Animal nutrition: Constipation - common causes, simple dietary measures and peculiarities in megacolon
Constipation is usually manifested by tenesmus with absent or greatly reduced defecation, sometimes pseudodiarrhea occurs. Other associated symptoms may include vomiting, anorexia, and lethargy.
The most significant differential diagnosis is dysuria or anuria.
Poor general condition, abdominal pain, or high-frequency vomiting may be indicative of a life-threatening emergency such as an ileus.
Causes of difficult or absent defecation can be:
- foreign bodies, (tricho)bezoars
- chronic / severe fluid deficiency or dehydration
- malnutrition (e.g. lack or excess of raw fiber, bone feeding)
- diseases of the gastrointestinal tract (e.g. megacolon)
- Male dogs: perineal hernias and/or prostatic hyperplasia
- pain during defecation (e.g. hip joint diseases, spondylosis)
- spinal cord diseases (e.g. disc prolapse, cauda equina syndrome)
- stenoses/strictures of the intestine (e.g. tumors) or of the pelvic bones (e.g. old fractures)
- various diseases of the anal region
- psychological stressors, lack of possibility to defecate in a relaxed way (especially cats)
- rare reasons: neurological diseases like dysautonomia, pyometra, high grade parasite infestation, anatomical malformations (e.g. atresia ani, Manx syndrome of cats)
- side effects of drug therapy (e.g. diuretics, opioids, barium sulfate)
- age: lack of exercise, lower intestinal activity, malnutrition
- partly endocrine causes have a favorable effect, e.g. hypothyroidism
What to do in case of constipation?
In addition to pharmacologically active drugs or rectal enemas/microenemas, the following dietary measures may be useful in acute cases of simple constipation with an undisturbed general condition and for prophylaxis:
- Milk: maximum daily amount about 20 ml/kg bw (usually short-term use, exceeding this amount can cause malfermentation in the colon and diarrhea)
- Lactulose: 0.6 ml/kg bw/day, distributed over several portions (long-term use possible; most common agent)
- Macrogol (polyethylene glycol) - use in veterinary medicine still relatively young, many success stories in practice
- The use of pure paraffine oil must be carefully selected, as accidental entry into the respiratory tract can cause life-threatening aspiration pneumonia (lipid pneumonia).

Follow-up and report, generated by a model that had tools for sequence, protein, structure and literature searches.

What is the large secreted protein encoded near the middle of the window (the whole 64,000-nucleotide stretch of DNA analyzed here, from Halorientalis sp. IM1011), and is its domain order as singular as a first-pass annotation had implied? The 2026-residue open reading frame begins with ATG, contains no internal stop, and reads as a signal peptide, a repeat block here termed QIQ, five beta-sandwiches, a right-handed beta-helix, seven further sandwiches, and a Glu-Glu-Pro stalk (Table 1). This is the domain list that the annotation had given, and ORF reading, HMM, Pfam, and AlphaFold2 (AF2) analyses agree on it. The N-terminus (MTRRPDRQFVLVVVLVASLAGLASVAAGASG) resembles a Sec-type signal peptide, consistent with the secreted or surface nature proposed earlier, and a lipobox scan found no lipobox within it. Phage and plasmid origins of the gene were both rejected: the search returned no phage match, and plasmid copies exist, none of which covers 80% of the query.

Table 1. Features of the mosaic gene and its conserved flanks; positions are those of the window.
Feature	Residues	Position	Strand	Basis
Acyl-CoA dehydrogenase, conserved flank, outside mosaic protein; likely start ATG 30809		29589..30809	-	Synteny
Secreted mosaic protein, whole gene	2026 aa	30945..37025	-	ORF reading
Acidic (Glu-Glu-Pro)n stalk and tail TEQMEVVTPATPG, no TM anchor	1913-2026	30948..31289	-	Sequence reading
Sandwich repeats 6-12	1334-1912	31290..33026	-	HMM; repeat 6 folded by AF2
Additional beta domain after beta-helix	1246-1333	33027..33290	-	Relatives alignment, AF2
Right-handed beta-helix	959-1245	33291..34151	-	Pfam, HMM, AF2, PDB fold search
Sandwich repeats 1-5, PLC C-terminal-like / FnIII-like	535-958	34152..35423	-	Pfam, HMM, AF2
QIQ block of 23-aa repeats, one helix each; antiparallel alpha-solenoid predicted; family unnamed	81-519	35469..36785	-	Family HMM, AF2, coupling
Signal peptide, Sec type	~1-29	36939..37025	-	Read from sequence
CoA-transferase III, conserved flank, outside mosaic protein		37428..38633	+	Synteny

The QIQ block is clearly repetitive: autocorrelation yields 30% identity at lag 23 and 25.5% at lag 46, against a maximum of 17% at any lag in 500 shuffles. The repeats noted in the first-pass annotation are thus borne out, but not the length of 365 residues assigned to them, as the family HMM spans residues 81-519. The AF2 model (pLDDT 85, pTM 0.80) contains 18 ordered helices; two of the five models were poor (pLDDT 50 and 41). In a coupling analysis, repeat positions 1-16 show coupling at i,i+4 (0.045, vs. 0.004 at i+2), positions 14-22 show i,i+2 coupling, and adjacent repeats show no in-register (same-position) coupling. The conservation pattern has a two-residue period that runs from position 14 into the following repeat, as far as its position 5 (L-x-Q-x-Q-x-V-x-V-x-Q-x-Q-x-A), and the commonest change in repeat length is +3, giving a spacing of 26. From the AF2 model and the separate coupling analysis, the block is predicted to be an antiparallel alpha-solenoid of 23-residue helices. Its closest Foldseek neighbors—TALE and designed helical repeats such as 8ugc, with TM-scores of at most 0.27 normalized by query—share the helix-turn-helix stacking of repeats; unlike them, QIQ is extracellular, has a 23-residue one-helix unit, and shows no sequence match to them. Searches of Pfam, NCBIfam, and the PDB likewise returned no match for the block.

Stimulation of intestinal activity by increasing the fiber content, simultaneous prebiotic effect:
- Psyllium (psyllium husks): About 2-10 g, depending on size in small animals, in horses up to about 50 g. Important: swell beforehand with enough hot water, so that the psyllium does not extract further water from the intestinal contents
- Wheat bran: Approx. 1g/kg bw, soak beforehand
- Linseed: 5-10 g/dog, approx. 100 g/pfd - pour hot water generously over it and let it swell for 10 min
- Carrots and apples: Raw, grated or cooked
- Feed cellulose: Approx. 0.5 g - 1 g/kg bw
- Adding vegetable oil is also possible (Pfd. approx. 100 ml, dog and cat 1-3 tsp.)
Note: When feeding swelling substances, it is essential that the patient is sufficiently hydrated, otherwise constipation or dehydration may be forced!
The quantities stated are guidelines - please also observe the respective manufacturer's instructions.
Special feeding management for megacolon
Megacolon is a disease that occurs regularly in cats, but is comparatively rare in dogs. The chronic dilatation of the large intestine with hypomotility results in the accumulation of fecal masses and the associated chronic constipation.
Conversely, chronic constipation can also cause megacolon.
High-fiber diets are contraindicated in megacolon because they increase fecal volume and thus mural pressure - which promotes further damage to the intestinal wall musculature and exacerbation of symptoms.
Rather, the goal of feeding management in megacolon is to keep fecal volume as low as possible. This is usually achieved by feeding highly digestible moist feed. Regular administration of laxatives will assist in moving the feces along.
Do you have any further questions about the dietary management of your patients?
Our Diplomates ECVCN/ACVN will gladly support you by promptly preparing case-based nutrition plans as well as answering further questions regarding dietary support in therapy.
Bibliography: Upon request
Author of the article:
Veterinarian med. vet. Julia Brüner